By Gene Bifano
Rebuffed is a good choice of words, rebuked may be better. The article some weeks back titled “Warren Constable Rebuffed,” lacks some clarity and accuracy.
First, I acted as a town police officer/constable, not as a neighbor. That was clearly stated at Town Meeting and a written report to the select board.
Chronologic order of events:
When walking my dogs in September, I noticed a road being built; there was no building permit sign displayed. I went to the zoning administrator and advised her of the new construction and no building permit displayed. She said she was not aware of any permit and to keep them informed.
I noticed whoever was doing the road work was leaving an open fire unattended. I notified the fire warden. He said he would speak with the individual.
I left my town constable business card on the excavator asking the individual to contact me or the zoning administrator for clarification as to what was being done. No response.
From the middle of September to October 6, I had numerous conversations with the zoning administrator about what was occurring on the site. Not once was I advised to stop or told a permit was issued. The zoning administrator said she might take make a site visit. I said I could speak with the logger and ask him to call the zoning administrator to save the zoning administrator a hike through the woods. There was no disagreement with that, I followed up.
Using the skills, I’ve learned to avoid confrontation with de-escalation techniques, I chose to use a more neighborly tactic. I did not wear my uniform. I wore my hiking clothes and took my two dogs. Basically, I was in plainclothes.
I approached the logger and identified myself as a town police officer/first constable. I advised him, based on my conversations with the zoning administrator, that we believe he was being asked to do things that may not be within Warren’s zoning laws. And asked him to have to his boss contact the zoning administrator. I gave him my Warren constable business card.
Subsequently, I received a call from the zoning administrator who said the owner had a conditional use permit and could log about seven acres of woods on the hillside above Brook Road. Everything was straightened out. The logging continued to mid-October, then stopped.
On November 15, the new landowner sent a letter to the select board with a copy of a previously filed conditional use permit that came with his purchase of the land.
He stated: “On October 6, our logger was approached by an individual who represented himself as an official of the town of Warren who suggested the tree removal and driveway was being done without approval or permits. The gentlemen’s name is Gene Bifano. Our concern is that someone claiming to be acting in an official capacity on behalf of the town of Warren regarding a zoning or building department would be asking questions outside their responsibility or legal authority, specifically when we are not present. We would appreciate your guidance on how best to address this issue and ensure that this type of intrusion does not happen again.”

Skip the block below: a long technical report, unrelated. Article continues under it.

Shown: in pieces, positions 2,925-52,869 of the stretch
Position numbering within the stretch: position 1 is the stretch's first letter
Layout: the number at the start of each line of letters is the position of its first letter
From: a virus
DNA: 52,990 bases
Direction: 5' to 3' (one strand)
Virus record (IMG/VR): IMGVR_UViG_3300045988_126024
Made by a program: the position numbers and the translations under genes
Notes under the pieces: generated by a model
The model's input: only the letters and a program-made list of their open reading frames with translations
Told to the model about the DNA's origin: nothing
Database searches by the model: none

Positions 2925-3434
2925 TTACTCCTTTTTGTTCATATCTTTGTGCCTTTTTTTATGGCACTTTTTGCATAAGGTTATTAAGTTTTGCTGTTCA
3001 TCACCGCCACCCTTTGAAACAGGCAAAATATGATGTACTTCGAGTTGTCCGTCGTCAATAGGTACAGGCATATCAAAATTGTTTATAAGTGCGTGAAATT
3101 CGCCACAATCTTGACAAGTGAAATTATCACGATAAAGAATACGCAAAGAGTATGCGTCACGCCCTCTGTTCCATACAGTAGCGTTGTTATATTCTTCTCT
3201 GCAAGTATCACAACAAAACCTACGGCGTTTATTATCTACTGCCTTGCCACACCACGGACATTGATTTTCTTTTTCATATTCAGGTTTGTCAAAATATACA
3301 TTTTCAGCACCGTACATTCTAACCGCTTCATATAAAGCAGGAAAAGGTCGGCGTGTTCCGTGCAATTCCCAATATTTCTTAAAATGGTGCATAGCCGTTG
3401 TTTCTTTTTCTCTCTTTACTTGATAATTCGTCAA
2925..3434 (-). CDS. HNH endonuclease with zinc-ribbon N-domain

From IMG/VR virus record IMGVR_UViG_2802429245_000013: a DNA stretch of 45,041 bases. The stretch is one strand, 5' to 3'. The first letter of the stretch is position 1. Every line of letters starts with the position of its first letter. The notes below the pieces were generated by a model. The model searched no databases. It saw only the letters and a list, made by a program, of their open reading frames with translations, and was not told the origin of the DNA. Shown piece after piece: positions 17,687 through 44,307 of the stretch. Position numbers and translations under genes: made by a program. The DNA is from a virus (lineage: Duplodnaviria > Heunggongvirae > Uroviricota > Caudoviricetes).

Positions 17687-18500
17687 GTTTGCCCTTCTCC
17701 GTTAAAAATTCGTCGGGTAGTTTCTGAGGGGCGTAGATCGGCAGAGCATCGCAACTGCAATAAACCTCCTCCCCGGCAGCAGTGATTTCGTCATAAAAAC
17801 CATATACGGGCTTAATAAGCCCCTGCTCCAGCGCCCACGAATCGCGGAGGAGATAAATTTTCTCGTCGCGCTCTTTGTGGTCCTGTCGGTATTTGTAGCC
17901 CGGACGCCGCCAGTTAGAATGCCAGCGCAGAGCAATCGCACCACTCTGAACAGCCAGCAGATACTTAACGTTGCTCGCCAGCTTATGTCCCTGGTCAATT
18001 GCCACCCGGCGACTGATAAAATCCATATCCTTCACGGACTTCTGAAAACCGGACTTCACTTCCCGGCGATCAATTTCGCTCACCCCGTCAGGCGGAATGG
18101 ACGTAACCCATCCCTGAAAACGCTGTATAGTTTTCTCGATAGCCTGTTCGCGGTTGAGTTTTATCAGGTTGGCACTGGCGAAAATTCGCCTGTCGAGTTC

A month later I was invited to a select board meeting to address a complaint against me. I requested a copy of the complaint that was made. I provided the select board with an incident report before the meeting.
As it turned out the meeting was to be a rebuff, for interfering with the zoning/planning process and being unneighborly.
Almost two months had passed since the simple, “Please have your boss call the zoning administrator.”
At the meeting the zoning administrator stated that the landowner was operating outside the conditional use permit or words to that effect. Subsequently, there was a comment that the new landowner may have jumped the gun. Work was halted until a further review could be done.
It seems to me the select board could have had an offline discussion with the zoning administrator and myself. They would been assured I that I was not acting independently. A letter to the landowner stating that our town police officer/constable was working with the zoning administrator and not independently would probably have put this issue to rest.
To sum things up:
- I broke no town, state or federal laws.
- I took no law enforcement action other than ask the logger to “please have his boss call the zoning administrator.” In reality, asking as a police officer probably had more impact than an ordinary citizen making the same request.
- I never meet the new landowner and didn’t know who he was until his letter to the select board. I don’t believe I was unneighborly to him or the logger.
- The unattended burning stopped.
- It is my understanding the work being done outside the scope of the conditional use permit also stopped
- Although, it is not traditional for police to investigate zoning issues, I believe that if anyone is obligated to inform someone they may be doing something illegal it is a police officer.
The only reason I knew about this issue is that the land being developed is near my home and a place we hike with our dogs. I do not go around looking for zoning violations.
Another not so obvious fact is that every citizen, despite the landowner’s contention, has the right to question what’s going on in their neighborhood and to report their observation to whatever department that may be involved and to help that department in any reasonable way.
Police departments rely on people in neighborhoods to keep them informed of issues within the neighborhood. Same goes for other town departments -- highway, fire, zoning, etc. It would seem to me that in small towns with limited resources, cooperation between departments and citizens would enable things to operate more effectively.
At the end of the select board meeting on this issue the comment was – “No harm -- No foul.”
Bifano lives in Warren.